Wake County kept ev­ery­one wait­ing – and wait­ing – for elec­tion night results

The News & Observer - - Front Page - BY ANNA JOHN­SON ajohn­son@new­sob­server.com

It’s an Elec­tion Day tra­di­tion to fran­ti­cally click the re­fresh but­ton to view results on the state’s Board of Elec­tions web­site – and lament when the vote count comes in slowly.

But on Tues­day night, Wake County po­lit­i­cal watch­ers seemed to wait much longer than nor­mal for results to trickle in.

The county Board of Elec­tions Of­fice tried to pre­pare po­lit­i­cal par­ties, can­di­dates and mem­bers of the me­dia that precinct results wouldn’t come in for sev­eral hours. It took more than three hours af­ter polls closed at 7:30 p.m. for precinct results to ap­pear on the state’s web­site, while sim­i­larly large North Carolina coun­ties such as Mecklenburg and Guil­ford al­ready had results post­ing.

So what gives?

Sev­eral changes and lo­gis­ti­cal chal­lenges ex­plain why the first results weren’t posted sooner, said Gary Sims, the Wake elec­tions di­rec­tor.

This year’s pri­mary and gen­eral elec­tion were the first elec­tions where results weren’t trans­ferred via mo­dem from in­di­vid­ual Wake County polling sites.

“While those up­loads were se­cure, it was pos­si­ble to get some iden­ti­fy­ing in­for­ma­tion on

each end,” said Greg Flynn, the Wake County Board of Elec­tions vice chair­man. Flynn tweeted be­hind-the-scene pho­tos of the elec­tion night process. “The in­for­ma­tion was never com­pro­mised, but the state said we can’t do that any more.”

When the voter to­tals were trans­ferred via mo­dem they could come in much quicker. Now, each of the 204 precincts must pack up its bal­lots and sup­plies and take them to one of 10 stag­ing lo­ca­tions, where large trucks pick up the sup­plies. Those 10 trucks take the sup­plies to the county’s ware­house.

So why not more trucks? Or have more stag­ing ar­eas? That’s an­other chal­lenge.

The bal­lots are taken and se­curely stored at the Board of Elec­tions ware­house on Atlantic Av­enue in Raleigh. It’s been the main stor­age and col­lec­tion site for bal­lots for more than five years.

“We can­not have 204 cars driv­ing in to that lo­ca­tion at one time,” Sims said. “It’s phys­i­cally im­pos­si­ble.”

But this was the last elec­tion that the county will use this ware­house. A new fa­cil­ity will be used on New Hope Road for next year’s mu­nic­i­pal elec­tions and for years to come. That site will even­tu­ally house the en­tire Board of Elec­tions depart­ment, which is now spaced out over three lo­ca­tions in­clud­ing in down­town Raleigh.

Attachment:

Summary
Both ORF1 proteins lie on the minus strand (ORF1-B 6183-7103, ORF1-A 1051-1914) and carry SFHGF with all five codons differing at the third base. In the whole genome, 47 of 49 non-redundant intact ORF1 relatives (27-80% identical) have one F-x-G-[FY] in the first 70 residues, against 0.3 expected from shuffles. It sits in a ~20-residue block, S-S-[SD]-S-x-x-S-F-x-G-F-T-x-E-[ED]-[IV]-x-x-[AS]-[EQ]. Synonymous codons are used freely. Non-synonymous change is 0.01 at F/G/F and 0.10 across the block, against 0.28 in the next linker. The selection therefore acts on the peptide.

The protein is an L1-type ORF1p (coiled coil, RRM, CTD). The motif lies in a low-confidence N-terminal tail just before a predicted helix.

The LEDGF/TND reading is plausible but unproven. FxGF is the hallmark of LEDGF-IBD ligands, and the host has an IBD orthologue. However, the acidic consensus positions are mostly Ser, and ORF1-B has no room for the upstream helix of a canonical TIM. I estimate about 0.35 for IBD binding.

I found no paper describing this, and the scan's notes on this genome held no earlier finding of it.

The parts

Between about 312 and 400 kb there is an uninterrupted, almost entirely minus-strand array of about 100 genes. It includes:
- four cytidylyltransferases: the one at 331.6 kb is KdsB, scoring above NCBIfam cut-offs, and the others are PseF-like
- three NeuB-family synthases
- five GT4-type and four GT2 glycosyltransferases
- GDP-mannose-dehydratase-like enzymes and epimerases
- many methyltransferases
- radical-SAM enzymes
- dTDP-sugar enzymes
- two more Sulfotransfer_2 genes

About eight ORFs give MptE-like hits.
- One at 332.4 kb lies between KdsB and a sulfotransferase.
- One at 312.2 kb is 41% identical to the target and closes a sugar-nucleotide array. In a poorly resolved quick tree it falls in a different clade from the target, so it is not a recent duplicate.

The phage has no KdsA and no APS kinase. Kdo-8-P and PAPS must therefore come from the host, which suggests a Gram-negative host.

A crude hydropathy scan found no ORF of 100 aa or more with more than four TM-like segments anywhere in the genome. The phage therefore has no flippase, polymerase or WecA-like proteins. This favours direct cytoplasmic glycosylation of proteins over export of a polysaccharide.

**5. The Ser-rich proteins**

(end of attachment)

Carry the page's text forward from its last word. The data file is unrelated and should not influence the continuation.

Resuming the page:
“I am so ex­cited,” Sims said. “I couldn’t be hap­pier about the new site.”

The results still won’t come in as fast as they did when trans­ferred via mo­dem, but the results will likely come in faster in fu­ture years be­cause more trucks and ve­hi­cles will be able to drive di­rectly to this site.

Both Flynn and Sims said they were pleased with the elec­tion night process and that the last num­bers came in around the same time as those in peer coun­ties.

“I think the big­gest thing is there needs to be a change in ex­pec­ta­tion,” Flynn said. “Not be­ing able to dial in the results, it stopped cold turkey. And peo­ple are go­ing through with­drawal symp­toms.”

It takes each precinct more than an hour to fin­ish all of its post-elec­tion work to get the bal­lots to the re­mote lo­ca­tion site. And that was cou­pled with 17-inch bal­lots that may not have been read at first be­cause of the level of hu­mid­ity Wake County had this Elec­tion Day. Those bal­lots were stored in a se­cure emer­gency bin and fed into the ma­chines when the polls were closed.

An­other rea­son for the longer-than-nor­mal wait times is that peo­ple who are in line when the polls close have the op­por­tu­nity to vote.

There’s al­ways room to do bet­ter and room for im­prove­ment, said Jes­sica Holmes, Wake County Board of Com­mis­sion­ers chair­woman.

“It is more im­por­tant we get it right than to rush,” she said. “And that’s our fo­cus mov­ing for­ward. Every elec­tion is a learn­ing op­por­tu­nity, and we will con­tinue to en­sure that every vote is counted and that we do so as ef­fi­ciently and quickly as pos­si­ble. But we put a pri­or­ity on do­ing it right in­stead of rush­ing the process.”

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